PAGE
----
# Diophantine equation with cubes.

Interested in the solution in general Diophantine equations of the form:

$X^3+Y^3+Z^3=3XYZ+q$

$q$ - what some integer.

Solutions similar equations can be written.

Since this equation is easy, as it is quite symmetrical.

$X^3+Y^3+Z^3-3XYZ=R^3$

Such a solution can write.

$X=sp(p+s)$

$Y=s(2p^2+s^2)$

$Z=p(p^2+2s^2)$

$R=p^3+s^3$

And solutions can be written:

$X=s(9p^2+9ps+10s^2)$

$Y=s(6p^2+12ps+7s^2)$

$Z=3p^3+3p^2s+15ps^2+7s^3$

$R=3(p+2s)(p^2-ps+s^2)$

Whether there are any thoughts how to solve this equation?

At first I thought to use for solving Pell's equation, but I think that you can do without.

You can use the following identity:

$$x^3+y^3+z^3-3xyz=(x+y+z)(x^2+y^2+z^2-xy-xz-yz)$$

Fixed integer q has a finite number of factorial expansions. So we get a finite number of systems of two equations:

$$x+y+z = a$$ $$x^2+y^2+z^2-xy-xz-yz = b$$

for all integers $a$ and $b$ such that $ab=q$. Excluding the variable z we obtain the quadratic equation in x and y.

CALCULATIONS:

Let $u = x + y$ and $v=x y$. Then we have $z = a - u$ and $$x^2+y^2+z^2-xy-xz-yz = u^2 - 2v + (a-u)^2 - v - (a-u)u =$$ $$u^2 - 3v + a^2 - 2au + u^2 - au +u^2 = 3u^2 - 3au - 3v + a^2$$

Thus, we have a equation in integers u and v: $$3(u^2 - au) - 3v = b - a^2$$ It`s something like Pell's equation as you said. But it is more simple and we can express v from u:

$$3v = 3(u^2 - au) - (b - a^2)$$

Next step. Let suppose that (x,y) is an integer solution of original equation then because $u = x + y$ and $v=x y$ there is integer m such that $u^2-4v=m^2$ (this is a discriminant of a square equation $(\lambda - x)(\lambda - y) = \lambda^2-u\lambda+v=0$).

So $4v = u^2 - m^2$ and we have the following transformations of the equation: $$3v = 3(u^2 - au) - (b - a^2)$$ $$12(u^2 - au)-3*4v = 4(b-a^2)$$ $$12(u^2 - au)-3(u^2-m^2)=4(b-a^2)$$ $$9u^2 - 12au + 3m^2=4(b-a^2)$$ $$9u^2 - 12au + 4a^2 + 3m^2=4b$$ $$(3u-2a)^2 + 3m^2=4b$$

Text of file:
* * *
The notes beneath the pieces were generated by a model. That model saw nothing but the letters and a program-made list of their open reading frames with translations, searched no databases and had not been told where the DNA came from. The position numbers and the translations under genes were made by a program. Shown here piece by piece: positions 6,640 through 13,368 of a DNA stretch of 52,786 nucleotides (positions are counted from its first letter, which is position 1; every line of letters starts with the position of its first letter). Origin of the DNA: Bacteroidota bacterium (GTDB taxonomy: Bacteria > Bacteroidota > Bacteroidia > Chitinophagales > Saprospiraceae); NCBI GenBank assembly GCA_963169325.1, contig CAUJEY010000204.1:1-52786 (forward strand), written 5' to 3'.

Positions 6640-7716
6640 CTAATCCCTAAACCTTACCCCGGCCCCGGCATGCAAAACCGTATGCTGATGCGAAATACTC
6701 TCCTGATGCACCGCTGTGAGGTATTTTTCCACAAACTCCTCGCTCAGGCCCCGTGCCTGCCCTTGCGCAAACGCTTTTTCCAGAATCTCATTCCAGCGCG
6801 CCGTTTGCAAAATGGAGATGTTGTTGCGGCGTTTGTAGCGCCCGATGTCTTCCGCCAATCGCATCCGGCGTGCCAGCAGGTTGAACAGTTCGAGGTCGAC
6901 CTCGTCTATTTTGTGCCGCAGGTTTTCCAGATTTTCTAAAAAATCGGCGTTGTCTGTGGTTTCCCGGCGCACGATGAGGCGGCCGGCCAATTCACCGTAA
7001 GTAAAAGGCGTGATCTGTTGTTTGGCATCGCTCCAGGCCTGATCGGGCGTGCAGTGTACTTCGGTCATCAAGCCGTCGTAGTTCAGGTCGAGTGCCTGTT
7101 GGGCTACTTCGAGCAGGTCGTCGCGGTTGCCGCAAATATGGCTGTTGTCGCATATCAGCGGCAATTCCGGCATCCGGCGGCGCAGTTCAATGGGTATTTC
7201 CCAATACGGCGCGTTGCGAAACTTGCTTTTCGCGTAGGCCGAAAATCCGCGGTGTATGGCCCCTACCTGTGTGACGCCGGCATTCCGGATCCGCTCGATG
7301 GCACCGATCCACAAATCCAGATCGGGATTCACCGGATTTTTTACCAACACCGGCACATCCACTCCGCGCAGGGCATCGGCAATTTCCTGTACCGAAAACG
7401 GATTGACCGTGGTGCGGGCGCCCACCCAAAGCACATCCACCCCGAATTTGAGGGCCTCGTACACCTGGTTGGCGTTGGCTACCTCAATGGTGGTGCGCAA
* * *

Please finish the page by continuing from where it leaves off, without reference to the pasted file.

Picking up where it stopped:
Thus, we have that the number of solution for each fixed a and b is finite! So for each parameter q we can find all solutions (x,y,z) of the original equation $x^3+y^3+z^3 = 3xyz + q$ by the following formulas:

$$x=\frac{u-m}{2}$$ $$y=\frac{u+m}{2}$$ $$z=a-u$$

where u and m form a solution of the equation:

$$(3u-2a)^2 + 3m^2=4b$$

• I talked about it, and in his post. Solving this system of equations I come to Pell's equation. Thanks anyway. I'll think about how to do without it. – individ May 27 '14 at 17:01
• You can make further restrictions on $b$: given $(x-y)^2+(y-z)^2+(z-x)^2=2b$ we know that $b$ is not of the form $2^{2k+1}(8m+7)$. – Bart Michels May 27 '14 at 17:07
• After writing this you actually say that for a given number $q$ - number of solutions of course, but it is not. The number of solutions is infinite. And in general. What a way to bring solutions - without writing formulas of their decisions? – individ May 27 '14 at 17:25
• I am calculate and as you said, individ, get something like Pell's equation :) – DenisMath May 27 '14 at 17:38
• Good for you. One does not solve the equation changed to another. In number theory, such manner of calculation. So solve the equation, so it is not addressed. The equation is solved - this is when the formula is written receipt of the decision without further action. – individ May 27 '14 at 17:51

Strangely enough, the solution is finite.

for the equation:

$X^3+Y^3+Z^3-3XYZ=q=ab$

If it is possible to decompose the coefficient as follows:

$4b=k^2+3t^2$

Then the solutions are of the form:

$X=\frac{1}{6}(2a-3t\pm{k})$

$Y=\frac{1}{6}(2a+3t\pm{k})$

$Z=\frac{1}{3}(a\mp{k})$

Thought the solution is determined by the equation Pell, but when calculating the sign was a mistake. There's no difference, but the amount should be. Therefore, the number of solutions of course.